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lindac

Well....it's made somewhere that they have a goodly supply of red clay. Potteries sprang up where there was a good supply of clay and fuel for the kilns...that says south Jersey or perhaps eastern Pa.....and maybe parts of the Ohio valley....and even in some of the southern states...
I can't think that any pottery would import clay....but rather the potteries sprang up where the clay was.
Linda C

    Bookmark   February 13, 2010 at 1:39PM
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mahatmacat1

To be sure. It could be Europe; maybe Spain, as you say...I'm stumped.

    Bookmark   February 13, 2010 at 3:01PM
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patty_cakes

Italian or Portugal?? ;o)

    Bookmark   February 13, 2010 at 3:12PM
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dekeoboe

I can't tell from the pictures if those are suppose to be handwritten numbers or not. If so, then the number 1 is written more American style than European.

    Bookmark   February 13, 2010 at 3:28PM
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pris

I received a creamer awhile back from my brothers SO and wanted to find some matching pieces. It had a name stamped on the bottom and I traced it to the American SW. While looking I ran across some pieces that kinda look like that. I can't remember now if it was New Mexico, Arizona or what. Might be worth a look.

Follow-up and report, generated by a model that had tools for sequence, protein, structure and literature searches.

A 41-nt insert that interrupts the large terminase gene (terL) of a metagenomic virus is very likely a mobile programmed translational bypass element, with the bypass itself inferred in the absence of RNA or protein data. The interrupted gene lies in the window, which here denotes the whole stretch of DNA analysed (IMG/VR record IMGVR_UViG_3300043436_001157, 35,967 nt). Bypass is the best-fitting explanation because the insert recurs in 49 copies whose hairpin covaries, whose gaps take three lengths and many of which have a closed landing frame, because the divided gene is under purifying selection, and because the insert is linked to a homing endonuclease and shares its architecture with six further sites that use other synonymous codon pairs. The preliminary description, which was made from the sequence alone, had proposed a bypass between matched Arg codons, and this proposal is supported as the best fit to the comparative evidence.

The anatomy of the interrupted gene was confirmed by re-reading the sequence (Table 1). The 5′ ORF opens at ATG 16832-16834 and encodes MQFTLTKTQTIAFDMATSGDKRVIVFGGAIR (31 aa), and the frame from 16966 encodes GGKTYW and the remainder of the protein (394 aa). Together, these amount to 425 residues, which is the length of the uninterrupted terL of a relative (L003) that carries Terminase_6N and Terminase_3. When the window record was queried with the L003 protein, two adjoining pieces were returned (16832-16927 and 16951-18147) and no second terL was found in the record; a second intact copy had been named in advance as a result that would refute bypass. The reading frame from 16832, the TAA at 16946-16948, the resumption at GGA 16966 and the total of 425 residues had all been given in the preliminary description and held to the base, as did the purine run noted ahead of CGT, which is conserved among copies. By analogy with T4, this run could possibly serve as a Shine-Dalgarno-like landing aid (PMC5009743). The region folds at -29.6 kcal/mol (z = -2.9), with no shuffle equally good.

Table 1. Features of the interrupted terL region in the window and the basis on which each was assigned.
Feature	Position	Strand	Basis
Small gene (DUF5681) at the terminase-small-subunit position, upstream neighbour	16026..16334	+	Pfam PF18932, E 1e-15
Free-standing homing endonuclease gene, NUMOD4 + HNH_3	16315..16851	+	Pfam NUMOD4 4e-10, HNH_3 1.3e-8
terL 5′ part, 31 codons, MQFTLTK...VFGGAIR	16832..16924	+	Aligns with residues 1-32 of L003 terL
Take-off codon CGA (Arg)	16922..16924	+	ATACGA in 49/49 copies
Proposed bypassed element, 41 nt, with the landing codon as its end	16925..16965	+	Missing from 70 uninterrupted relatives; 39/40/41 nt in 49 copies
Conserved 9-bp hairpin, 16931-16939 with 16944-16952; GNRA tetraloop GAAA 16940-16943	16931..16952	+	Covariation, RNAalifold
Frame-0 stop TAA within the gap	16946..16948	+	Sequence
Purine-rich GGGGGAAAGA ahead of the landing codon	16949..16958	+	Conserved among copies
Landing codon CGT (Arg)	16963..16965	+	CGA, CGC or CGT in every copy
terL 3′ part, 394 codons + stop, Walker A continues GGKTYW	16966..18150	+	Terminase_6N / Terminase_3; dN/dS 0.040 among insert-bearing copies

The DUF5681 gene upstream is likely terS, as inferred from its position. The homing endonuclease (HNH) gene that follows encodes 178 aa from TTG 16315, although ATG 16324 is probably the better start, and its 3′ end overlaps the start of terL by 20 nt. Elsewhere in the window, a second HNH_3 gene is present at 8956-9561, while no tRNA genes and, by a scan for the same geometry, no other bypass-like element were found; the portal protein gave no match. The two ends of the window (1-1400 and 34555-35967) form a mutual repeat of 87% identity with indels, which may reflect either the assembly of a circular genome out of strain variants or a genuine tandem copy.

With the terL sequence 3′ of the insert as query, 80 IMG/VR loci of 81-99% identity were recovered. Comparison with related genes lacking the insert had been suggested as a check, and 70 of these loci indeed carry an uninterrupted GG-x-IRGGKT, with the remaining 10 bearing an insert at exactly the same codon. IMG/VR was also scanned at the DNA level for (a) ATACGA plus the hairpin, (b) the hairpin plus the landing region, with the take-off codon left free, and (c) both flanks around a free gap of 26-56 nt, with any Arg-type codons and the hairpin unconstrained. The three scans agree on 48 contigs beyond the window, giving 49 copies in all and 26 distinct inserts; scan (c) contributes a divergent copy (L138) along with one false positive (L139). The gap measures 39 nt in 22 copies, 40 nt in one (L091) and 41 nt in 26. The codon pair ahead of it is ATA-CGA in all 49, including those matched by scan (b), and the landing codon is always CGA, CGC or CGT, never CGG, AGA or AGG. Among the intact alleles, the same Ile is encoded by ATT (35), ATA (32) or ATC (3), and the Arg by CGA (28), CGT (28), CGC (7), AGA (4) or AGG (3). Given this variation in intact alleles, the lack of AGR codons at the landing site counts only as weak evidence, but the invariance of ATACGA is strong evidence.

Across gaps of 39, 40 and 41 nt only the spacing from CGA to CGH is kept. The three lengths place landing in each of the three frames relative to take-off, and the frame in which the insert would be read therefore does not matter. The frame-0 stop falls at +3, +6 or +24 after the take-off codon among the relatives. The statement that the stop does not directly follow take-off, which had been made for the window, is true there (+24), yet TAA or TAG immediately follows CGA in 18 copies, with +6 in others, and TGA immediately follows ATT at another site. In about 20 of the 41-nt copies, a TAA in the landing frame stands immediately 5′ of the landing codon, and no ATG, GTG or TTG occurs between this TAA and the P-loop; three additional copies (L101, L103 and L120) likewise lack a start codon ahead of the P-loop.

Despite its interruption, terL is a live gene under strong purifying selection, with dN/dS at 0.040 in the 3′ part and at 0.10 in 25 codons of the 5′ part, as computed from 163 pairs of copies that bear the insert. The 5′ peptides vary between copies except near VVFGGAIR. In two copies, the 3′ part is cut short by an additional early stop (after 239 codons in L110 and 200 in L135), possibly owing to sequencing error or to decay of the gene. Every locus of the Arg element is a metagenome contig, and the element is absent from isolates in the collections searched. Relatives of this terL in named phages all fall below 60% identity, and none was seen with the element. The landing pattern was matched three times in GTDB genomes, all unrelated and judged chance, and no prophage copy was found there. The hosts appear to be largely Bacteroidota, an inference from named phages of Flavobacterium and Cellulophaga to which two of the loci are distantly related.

Bookmark   February 13, 2010 at 5:23PM
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peachydeva

They look American Southwestern to me... Arizona, New Mexico... particularly the mug with the wider base. There are so many potteries there.. where you can go and make your own, impossible to identify, I think.
Di

    Bookmark   February 13, 2010 at 10:18PM
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mahatmacat1

We're getting a consensus here...American Southwestern...the numbers I'm referring to are stamped into the bottom under the glaze, deke, not the white lines written on the top. One pic shows the 2000 pretty well (on the left), and I meant for it to show the 1830 on the other one, but I can't see it on my monitor, at least.

Portugal, that's a possibility too, thanks patty.

I'll try looking around with search terms concernning the American SW, thanks, pris.

The search continues :)

    Bookmark   February 13, 2010 at 11:07PM
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javaandjazz

These look like some italian pieces that we had once except ours were all red with a tiny bit of black drip glaze.

    Bookmark   February 14, 2010 at 8:23AM
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Ideefixe

Were there commercial potteries in Arizona or New Mexico? They look very 1970s to me, and the colors are great.